In Like a Lion. Out Like a Lamb.

As the proverb goes, from a mighty roar to a gentle bleat, March is a transitional month. A major snowfall is followed by a sunny, June-like day. An early morning thunderstorm morphs into a frigid windstorm by lunch. Hail, ice and flood warnings randomly pop-up. By St. Patrick’s Day, you’re accustomed to expecting the unexpected.

Winter Takes a Turn Toward Gentleness

In Ayurveda, March has a time-honored reputation for bringing the frenetic energy of a seasonal transition. The fierce, cold and rough winter takes a final turn toward the gentle softness of spring. During this month, the earth constructs a container for life. Sun, moisture and warmth begin to return. Trees blossom, the ground gives and water runs freely. The universe becomes “unstuck” from winter’s grip.

While the beauty of nature is most evident with the arrival of spring, this transition is not without its challenges. The movement energy of Vata and the stabilizing energy of Kapha are at odds. The earth’s shift brings more sunlight, and with it, more of the heating and transforming energy of Pitta.

As in nature, your body seeks to “loosen up” in response to March’s atmospheric changes. You probably sense it. Your skin may feel puffy as body tissues become more succulent. Your digestion could be a bit off. Your appetite might have dulled as your body begins to naturally eliminate unneeded winter pounds.

What else does this March weather bring? Colds and respiratory issues. Scratchy throat. Sluggishness. On an emotional level, you might notice a bit more lethargy or depression. These are all common imbalances during the spring transition.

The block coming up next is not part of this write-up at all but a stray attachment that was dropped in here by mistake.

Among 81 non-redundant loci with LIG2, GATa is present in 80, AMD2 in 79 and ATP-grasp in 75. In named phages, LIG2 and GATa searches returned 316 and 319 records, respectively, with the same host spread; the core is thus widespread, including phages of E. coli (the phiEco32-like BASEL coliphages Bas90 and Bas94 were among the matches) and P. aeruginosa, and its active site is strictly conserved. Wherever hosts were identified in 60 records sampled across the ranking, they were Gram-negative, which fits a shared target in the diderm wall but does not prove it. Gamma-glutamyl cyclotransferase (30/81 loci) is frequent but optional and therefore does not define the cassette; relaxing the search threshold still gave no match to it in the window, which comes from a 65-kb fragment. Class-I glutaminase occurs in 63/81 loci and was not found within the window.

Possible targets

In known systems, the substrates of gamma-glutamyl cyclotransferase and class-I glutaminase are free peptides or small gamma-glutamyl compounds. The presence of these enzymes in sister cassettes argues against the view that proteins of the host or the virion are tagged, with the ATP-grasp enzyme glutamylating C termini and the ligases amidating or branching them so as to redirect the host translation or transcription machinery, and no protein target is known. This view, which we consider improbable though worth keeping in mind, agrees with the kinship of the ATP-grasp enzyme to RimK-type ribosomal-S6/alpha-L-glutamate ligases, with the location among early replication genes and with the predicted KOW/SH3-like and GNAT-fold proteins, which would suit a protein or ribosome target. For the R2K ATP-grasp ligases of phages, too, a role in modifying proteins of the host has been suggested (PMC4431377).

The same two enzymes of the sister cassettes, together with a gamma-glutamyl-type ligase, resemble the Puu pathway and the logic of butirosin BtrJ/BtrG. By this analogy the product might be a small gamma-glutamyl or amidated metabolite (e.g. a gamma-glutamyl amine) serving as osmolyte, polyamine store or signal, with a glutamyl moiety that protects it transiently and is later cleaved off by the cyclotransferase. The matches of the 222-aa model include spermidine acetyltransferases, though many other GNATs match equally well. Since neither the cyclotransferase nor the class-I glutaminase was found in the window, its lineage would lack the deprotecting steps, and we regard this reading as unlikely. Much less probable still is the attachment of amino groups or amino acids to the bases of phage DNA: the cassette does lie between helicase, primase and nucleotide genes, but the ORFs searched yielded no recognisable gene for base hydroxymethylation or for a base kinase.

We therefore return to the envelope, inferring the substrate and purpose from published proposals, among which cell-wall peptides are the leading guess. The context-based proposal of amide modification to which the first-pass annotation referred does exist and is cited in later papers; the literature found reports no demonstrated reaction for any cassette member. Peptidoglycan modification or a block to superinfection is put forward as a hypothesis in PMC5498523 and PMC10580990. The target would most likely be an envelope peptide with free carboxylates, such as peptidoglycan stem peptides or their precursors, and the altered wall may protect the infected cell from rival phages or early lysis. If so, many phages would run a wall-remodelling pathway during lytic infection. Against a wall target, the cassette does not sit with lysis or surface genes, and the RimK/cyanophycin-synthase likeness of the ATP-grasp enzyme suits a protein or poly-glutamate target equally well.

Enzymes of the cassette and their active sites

Bringing Alignment to March

The key to maintaining alignment during a seasonal transition is awareness. It is important to bring consciousness to your daily diet and lifestyle decisions. Here are 10 suggestions for helping you maintain health during the month of March:

#1: Sip Tulsi Tea

There are remarkably easy ways to prevent seasonal blockages and remove the build-up of toxins (Ama) in your body. One way is to keep a glass of hot water at your side and take a few sips every 10 to 15 minutes. The heated water hydrates you and enables the body to let go of what is not serving you.

Ayurveda has also used the tulsi plant for thousands of years to help the body adapt to stressors. Its restorative powers bring energy and support immunity, sleep, emotional resilience, strength and stamina. A tulsi tea is especially beneficial in March when the increase in biological energies can create excess fluid and congestion in the lungs (which are considered Kapha’s “home base”).

#2: Try a Neti Pot and/or Oil Snorting

Ayurveda recognizes that opposites bring alignment. The neti pot and oil snorting modalities can bring much needed relief during cold season. The key is understanding when to use each one (these should never be used back-to-back). Think of the neti pot as a drying “saline bath” for your nasal passages. Think of oil snorting as lubricating your sinuses. Before you try either of these, read “The Lowdown on Using a Neti Pot and Oil Snorting.”

#3: Consider a Safe and Gentle Cleanse

At Ayureka, we do not recommend cleansing early in the year (at the height of Vata season). But as Kapha enters the picture, cleansing can have numerous health benefits if conducted in a safe and practical way. Cleansing does not have to be an expensive program or rigorous process. It is actually quite easy. Taking several days to integrate a hot water routine (see Tip #1) combined with meditation, gentle exercise, eating only cooked whole foods, and getting 8 hours of sleep and your body will be well on its way to re-calibration.

#4: Change-up Your Diet